In short, the book provides a good bird-eye view of the intersection of Clojure and Machine Learning, useful for people coming from both sides. It introduces a number of important methods and shows how to implement/use them in Clojure but does not – and cannot – provide deep understanding. If you are new to M.L. and really like to understand things like me, you want to get a proper textbook(s) to learn more about the methods and the math behind them and read it in parallel. If you know M.L. but are relatively new to Clojure, you want to skip all the M.L. parts you know and study the code examples and the tools used in them. To read it, you need only elementary knowledge of Clojure and need to be comfortable with math (if you haven’t worked with matrices, statistics, or derivation and equations scare you, you will have a hard time with some of the methods). You will learn how to implement some M.L. methods using Clojure – but without deep understanding and without knowledge of their limitations and issues and without a good overview of alternatives and the ability to pick the best one for a particular case.

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Most interesting links of May ’14

Posted by Jakub Holý on May 31, 2014

Recommended Readings

  • Monolith – from The Codeless Code – fables and koans for the SW engineer – the Monad monolth #Haskell #fun
  • http2 explained (pdf, 27 pages) – cons of http 1 (huge spec / no full impl., wasteful use of TCP <=> latency [x spriting, inlining, concatenation, sharding]) => make it less latency sensitive, fix pipelining (issue a req before previous one finished), stop the need for ever increasing # connections, remove/reduce optional parts of http. Http2 is binary; multiple “streams” over 1 connection => much less conns, faster data delivery; header/data compression; [predictive] resource pushing; . Inspired by SPDY. Chrome and Mozilla will only support it over TLS, yay! (see also Is TLS Fast Yet? [yes, it is]) Promise: faster, more responsive web pages & deprecation of http/1 workarounds => simplified web dev.

Special

  • exercism.io – crowd-sourced good code mentorship – get an exercise, implement it in any of the supported language(s), submit and get feedback, repeat; when finished, you too can comment the same excercise submitted by others while working on your next assignment. Languages include Clojure, JS, Scala, Python, Haskell, Go, Elixir, Java, and more.

Podcasts (FP & related)

  • Cognicast (also @ iTunes) – Clojure, FP, etc.
  • Functional Geekery (@ iTunes) – A podcast on Functional Programming, covering topics across multiple languages.
  • Mostly λazy…a Clojure podcast by Chas Emerick
  • Giant Robots Smashing into other Giant Robots – “a weekly technical podcast discussing development, design, and the business of software development”
  • Software Engineering Radio (@ iTunes) – “The goal is to be a lasting educational resource, not a newscast. Every two to four weeks, a new episode is published that covers all topics software engineering. Episodes are either tutorials on a specific topic, or an interview with a well-known expert from the software engineering world.”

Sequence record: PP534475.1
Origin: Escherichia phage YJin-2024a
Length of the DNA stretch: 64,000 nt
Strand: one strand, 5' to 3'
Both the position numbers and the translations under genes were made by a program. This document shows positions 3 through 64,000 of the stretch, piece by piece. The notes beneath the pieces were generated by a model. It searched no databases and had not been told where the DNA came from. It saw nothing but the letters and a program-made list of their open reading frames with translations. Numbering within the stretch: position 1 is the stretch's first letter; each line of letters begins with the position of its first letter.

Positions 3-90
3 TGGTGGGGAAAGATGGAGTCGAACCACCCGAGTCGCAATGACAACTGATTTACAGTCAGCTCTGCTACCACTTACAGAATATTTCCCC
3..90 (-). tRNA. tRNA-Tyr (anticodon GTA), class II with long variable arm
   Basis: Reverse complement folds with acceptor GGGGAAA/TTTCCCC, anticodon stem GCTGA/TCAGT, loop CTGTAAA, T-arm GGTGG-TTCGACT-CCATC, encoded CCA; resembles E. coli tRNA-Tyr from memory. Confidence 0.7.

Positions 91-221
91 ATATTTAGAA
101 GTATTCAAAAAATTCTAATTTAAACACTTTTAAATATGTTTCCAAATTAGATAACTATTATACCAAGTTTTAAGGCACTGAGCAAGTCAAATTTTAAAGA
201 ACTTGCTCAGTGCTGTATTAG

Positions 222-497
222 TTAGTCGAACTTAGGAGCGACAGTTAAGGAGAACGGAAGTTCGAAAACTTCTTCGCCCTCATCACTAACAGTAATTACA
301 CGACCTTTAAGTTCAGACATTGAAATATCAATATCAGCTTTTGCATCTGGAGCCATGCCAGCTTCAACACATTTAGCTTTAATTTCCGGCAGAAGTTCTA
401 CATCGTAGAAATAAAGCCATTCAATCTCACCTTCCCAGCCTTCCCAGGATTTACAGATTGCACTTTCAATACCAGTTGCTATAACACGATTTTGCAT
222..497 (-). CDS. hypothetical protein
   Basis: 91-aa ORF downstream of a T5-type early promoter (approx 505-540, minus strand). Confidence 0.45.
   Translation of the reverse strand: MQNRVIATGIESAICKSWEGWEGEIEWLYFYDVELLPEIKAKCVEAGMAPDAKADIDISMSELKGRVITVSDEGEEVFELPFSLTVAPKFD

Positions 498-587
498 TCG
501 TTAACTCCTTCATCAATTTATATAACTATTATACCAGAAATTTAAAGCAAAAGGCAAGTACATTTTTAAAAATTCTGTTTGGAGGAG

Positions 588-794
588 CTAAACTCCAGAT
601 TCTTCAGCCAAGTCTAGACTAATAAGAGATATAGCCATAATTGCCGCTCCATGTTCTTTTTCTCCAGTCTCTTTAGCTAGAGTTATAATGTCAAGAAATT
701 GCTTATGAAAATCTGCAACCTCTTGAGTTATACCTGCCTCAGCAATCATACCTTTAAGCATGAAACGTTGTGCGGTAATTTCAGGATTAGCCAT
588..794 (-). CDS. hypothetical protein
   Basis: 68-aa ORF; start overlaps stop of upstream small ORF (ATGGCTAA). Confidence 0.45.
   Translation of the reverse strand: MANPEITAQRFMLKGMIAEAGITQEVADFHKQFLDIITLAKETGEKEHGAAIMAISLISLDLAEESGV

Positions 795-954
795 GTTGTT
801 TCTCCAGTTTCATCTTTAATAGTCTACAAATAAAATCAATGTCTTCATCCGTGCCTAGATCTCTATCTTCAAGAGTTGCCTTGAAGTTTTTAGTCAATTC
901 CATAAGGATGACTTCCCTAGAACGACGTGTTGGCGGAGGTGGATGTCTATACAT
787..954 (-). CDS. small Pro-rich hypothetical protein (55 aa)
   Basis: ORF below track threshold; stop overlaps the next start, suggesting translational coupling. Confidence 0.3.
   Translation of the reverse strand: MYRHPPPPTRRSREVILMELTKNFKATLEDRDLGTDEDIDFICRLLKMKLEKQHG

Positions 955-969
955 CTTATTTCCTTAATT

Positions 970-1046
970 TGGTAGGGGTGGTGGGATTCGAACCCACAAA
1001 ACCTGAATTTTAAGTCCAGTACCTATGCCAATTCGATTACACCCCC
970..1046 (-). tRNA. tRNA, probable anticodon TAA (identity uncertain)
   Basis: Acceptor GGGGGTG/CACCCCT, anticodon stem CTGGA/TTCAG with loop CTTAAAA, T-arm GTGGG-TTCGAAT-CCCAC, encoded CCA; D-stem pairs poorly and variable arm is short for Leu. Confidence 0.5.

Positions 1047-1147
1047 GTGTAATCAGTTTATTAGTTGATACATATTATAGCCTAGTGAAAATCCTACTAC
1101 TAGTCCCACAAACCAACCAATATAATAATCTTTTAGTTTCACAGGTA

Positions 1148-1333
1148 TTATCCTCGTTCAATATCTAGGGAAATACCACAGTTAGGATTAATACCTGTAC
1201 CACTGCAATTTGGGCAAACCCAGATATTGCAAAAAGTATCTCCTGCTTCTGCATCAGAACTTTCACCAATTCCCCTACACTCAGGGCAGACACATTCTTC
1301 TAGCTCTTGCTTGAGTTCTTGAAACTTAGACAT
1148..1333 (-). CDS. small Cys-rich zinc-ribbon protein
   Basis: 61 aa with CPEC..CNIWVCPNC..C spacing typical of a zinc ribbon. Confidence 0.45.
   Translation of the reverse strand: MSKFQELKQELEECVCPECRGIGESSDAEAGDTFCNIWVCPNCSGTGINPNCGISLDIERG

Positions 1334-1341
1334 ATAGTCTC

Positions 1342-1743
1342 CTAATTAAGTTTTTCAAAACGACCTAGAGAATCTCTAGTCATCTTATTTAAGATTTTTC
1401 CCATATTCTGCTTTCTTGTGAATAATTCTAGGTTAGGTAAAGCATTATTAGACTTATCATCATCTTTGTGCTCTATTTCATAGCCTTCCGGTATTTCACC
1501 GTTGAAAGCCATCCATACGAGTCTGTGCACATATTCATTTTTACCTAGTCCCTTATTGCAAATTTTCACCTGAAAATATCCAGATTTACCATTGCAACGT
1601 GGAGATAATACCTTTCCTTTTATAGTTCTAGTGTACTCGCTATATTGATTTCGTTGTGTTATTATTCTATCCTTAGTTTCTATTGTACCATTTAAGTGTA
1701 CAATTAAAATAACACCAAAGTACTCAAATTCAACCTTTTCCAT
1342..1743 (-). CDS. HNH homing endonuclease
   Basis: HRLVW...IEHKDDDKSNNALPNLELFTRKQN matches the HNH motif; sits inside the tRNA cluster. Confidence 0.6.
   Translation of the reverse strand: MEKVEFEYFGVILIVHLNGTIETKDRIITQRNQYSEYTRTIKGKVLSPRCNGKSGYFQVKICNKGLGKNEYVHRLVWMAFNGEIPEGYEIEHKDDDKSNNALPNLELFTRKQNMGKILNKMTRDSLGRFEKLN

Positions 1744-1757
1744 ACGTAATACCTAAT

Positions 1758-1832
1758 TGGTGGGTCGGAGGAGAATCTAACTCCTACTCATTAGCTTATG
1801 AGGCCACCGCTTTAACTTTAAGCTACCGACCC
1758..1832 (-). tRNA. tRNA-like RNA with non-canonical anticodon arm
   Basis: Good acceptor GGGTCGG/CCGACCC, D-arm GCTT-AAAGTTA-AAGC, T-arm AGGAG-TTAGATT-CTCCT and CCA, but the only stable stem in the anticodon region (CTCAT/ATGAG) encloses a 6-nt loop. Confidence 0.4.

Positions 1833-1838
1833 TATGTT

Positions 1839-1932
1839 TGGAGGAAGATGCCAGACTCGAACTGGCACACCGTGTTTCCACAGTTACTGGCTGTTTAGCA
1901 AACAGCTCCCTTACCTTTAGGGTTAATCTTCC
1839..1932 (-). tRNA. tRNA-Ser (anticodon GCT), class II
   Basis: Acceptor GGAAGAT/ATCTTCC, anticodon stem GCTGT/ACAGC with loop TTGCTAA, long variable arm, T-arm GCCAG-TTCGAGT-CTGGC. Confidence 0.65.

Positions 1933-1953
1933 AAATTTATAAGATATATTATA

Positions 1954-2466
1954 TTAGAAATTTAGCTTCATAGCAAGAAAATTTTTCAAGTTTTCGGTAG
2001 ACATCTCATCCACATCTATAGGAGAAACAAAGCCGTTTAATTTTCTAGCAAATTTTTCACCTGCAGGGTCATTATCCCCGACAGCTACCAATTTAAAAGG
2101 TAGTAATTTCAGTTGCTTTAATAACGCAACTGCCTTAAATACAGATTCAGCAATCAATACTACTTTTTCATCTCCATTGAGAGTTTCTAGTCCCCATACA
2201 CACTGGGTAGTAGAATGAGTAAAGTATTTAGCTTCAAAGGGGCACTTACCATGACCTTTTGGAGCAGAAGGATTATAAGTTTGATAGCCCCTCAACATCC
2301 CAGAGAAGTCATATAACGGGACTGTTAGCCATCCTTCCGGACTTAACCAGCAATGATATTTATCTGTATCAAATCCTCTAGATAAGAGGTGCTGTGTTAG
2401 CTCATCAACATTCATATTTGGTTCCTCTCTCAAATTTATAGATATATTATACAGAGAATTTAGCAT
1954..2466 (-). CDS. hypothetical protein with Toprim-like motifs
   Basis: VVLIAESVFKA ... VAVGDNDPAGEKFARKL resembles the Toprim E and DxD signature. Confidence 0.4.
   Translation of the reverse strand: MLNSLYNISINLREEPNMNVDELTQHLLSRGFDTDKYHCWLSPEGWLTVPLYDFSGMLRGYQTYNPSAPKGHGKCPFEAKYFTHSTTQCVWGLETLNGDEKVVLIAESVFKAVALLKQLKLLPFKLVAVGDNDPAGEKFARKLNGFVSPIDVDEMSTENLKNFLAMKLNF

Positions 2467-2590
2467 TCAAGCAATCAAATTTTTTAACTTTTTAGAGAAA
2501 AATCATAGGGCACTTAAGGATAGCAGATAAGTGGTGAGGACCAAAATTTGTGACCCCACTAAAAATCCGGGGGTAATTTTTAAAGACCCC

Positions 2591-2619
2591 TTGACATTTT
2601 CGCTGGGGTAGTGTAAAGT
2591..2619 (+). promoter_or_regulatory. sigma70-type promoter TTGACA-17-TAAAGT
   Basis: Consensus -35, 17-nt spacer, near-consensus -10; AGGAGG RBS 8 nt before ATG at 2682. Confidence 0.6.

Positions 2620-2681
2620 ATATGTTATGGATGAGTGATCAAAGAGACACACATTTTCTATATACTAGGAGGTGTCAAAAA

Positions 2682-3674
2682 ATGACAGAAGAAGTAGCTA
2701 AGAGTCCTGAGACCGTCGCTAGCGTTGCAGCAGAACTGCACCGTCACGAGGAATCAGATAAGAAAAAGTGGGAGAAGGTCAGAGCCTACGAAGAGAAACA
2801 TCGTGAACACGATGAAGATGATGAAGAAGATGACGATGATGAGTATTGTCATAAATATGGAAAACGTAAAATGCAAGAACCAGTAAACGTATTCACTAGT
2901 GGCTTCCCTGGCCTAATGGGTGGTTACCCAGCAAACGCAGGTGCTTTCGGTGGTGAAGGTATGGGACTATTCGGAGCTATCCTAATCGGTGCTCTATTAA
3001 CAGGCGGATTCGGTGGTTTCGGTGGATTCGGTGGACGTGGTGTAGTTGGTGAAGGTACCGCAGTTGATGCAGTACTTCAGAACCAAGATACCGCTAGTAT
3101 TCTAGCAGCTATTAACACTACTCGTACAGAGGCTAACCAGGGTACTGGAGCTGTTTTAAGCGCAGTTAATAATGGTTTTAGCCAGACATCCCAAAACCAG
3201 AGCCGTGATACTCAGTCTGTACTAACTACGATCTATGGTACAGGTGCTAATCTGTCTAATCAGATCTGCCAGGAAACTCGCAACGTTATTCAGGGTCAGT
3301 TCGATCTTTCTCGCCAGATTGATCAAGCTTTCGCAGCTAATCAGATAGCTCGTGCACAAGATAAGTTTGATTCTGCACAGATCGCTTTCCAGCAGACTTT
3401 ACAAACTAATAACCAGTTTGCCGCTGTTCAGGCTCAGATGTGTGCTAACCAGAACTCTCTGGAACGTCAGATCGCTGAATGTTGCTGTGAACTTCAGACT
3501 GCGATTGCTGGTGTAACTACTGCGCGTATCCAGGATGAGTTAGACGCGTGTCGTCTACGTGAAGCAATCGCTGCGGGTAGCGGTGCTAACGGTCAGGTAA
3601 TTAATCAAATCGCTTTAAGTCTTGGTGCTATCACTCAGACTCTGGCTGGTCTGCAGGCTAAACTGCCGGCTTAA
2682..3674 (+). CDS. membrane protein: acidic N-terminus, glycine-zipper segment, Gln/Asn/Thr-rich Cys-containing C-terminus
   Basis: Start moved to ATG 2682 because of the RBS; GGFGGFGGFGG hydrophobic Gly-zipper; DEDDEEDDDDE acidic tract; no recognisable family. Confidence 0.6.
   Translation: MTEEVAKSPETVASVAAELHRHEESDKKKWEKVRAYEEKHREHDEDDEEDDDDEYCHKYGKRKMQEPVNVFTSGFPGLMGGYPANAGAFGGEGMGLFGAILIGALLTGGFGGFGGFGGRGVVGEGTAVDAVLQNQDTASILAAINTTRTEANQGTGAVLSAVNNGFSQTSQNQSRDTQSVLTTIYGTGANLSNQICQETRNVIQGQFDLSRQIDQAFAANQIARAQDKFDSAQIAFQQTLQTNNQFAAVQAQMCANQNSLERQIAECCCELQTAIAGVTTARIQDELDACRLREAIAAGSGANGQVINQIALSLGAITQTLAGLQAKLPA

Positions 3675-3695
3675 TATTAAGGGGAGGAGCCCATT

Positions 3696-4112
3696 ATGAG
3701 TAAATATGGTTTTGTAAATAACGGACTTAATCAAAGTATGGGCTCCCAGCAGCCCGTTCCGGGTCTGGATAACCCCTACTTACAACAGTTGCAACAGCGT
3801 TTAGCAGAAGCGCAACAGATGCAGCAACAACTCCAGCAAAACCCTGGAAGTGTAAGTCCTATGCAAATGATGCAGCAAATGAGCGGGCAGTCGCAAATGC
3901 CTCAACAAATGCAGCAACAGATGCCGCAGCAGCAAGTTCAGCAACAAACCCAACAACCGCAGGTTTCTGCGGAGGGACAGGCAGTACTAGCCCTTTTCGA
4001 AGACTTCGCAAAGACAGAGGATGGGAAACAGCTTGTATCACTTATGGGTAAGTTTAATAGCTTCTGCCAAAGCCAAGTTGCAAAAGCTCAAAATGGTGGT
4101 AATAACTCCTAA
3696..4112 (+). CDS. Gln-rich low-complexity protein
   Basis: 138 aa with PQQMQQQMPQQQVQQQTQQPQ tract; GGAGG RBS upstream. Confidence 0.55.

• EngineerVsDesigner – design insight (@ iTunes) – product design podcast – the latest digital design news, tips & tricks, Q&A, and an industry special guest

Other

Clojure Corner

Tools/Libs

  • ownCloud – your own Dropbox/Google Drive, run on your server – sharing files between devices / PCs / web, syncing calendar and contacts, collaborative editing of documents (ODF)
  • Mailpile – “A modern, fast web-mail client with user-friendly encryption and privacy features.”, to be self-hosted on a PC, RaspberryPI, USB stick
  • Blackhole – role-based ssh proxy – an app that enables you to manage what users can ssh to what server as a particular user, from users’ point of view this is a ssh proxy; useful if many people need access to many servers but you do not want to add them all as users on those servers.
  • Wuala – Secure Cloud Storage – Backup. Sync. Share. Access Everywhere. – Dropbox alternative, secure by default
  • fb-flo – Facebook’s live-coding tool
  • owncloud.org – self-hosted Dropbox-like service with calendar and contact sync and more

Favourite Quotes

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Fixing clojurescript.test failing with “ReferenceError: Can’t find variable: cemerick”

Posted by Jakub Holý on May 21, 2014

ClojureScript.test (0.3.0; cemerick.cljs.test) may fail with this confusing exception:

ReferenceError: Can't find variable: cemerick

due to couple of reasons:

  1. Your test namespaces do not require cemerick.cljs.test (and thus it is missing from the compiled .js; requiring macros is not enough)
  2. cljsbuild has not included any of your test files (due to wrong setup etc.; this is essentially another form of #1)
  3. You are trying to test with the node runner but have built with :optimizations :none or :whitespace (for node you need to concatenate everything into a single file, which only happens if you use :simple or :advanced optimizations)

There is a pull request to provide a better error message but until then you have to be aware of these problems.

Example failures from all the runners:

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Clojure/Java: Prevent Exceptions With “trace missing”

Posted by Jakub Holý on May 19, 2014

The other day I got this little helpful exception from Clojure:

(cond (>= nil 1) :unreachable)
;=> NullPointerException [trace missing]

- no line number or anything to troubleshoot it.

It turns out it is not Clojure’s failure but a HotSpot optimization that can apply to NullPointerException, ArithmeticException, ArrayIndexOutOfBoundsException, ArrayStoreException, and ClassCastException. The remedy is to run the JVM with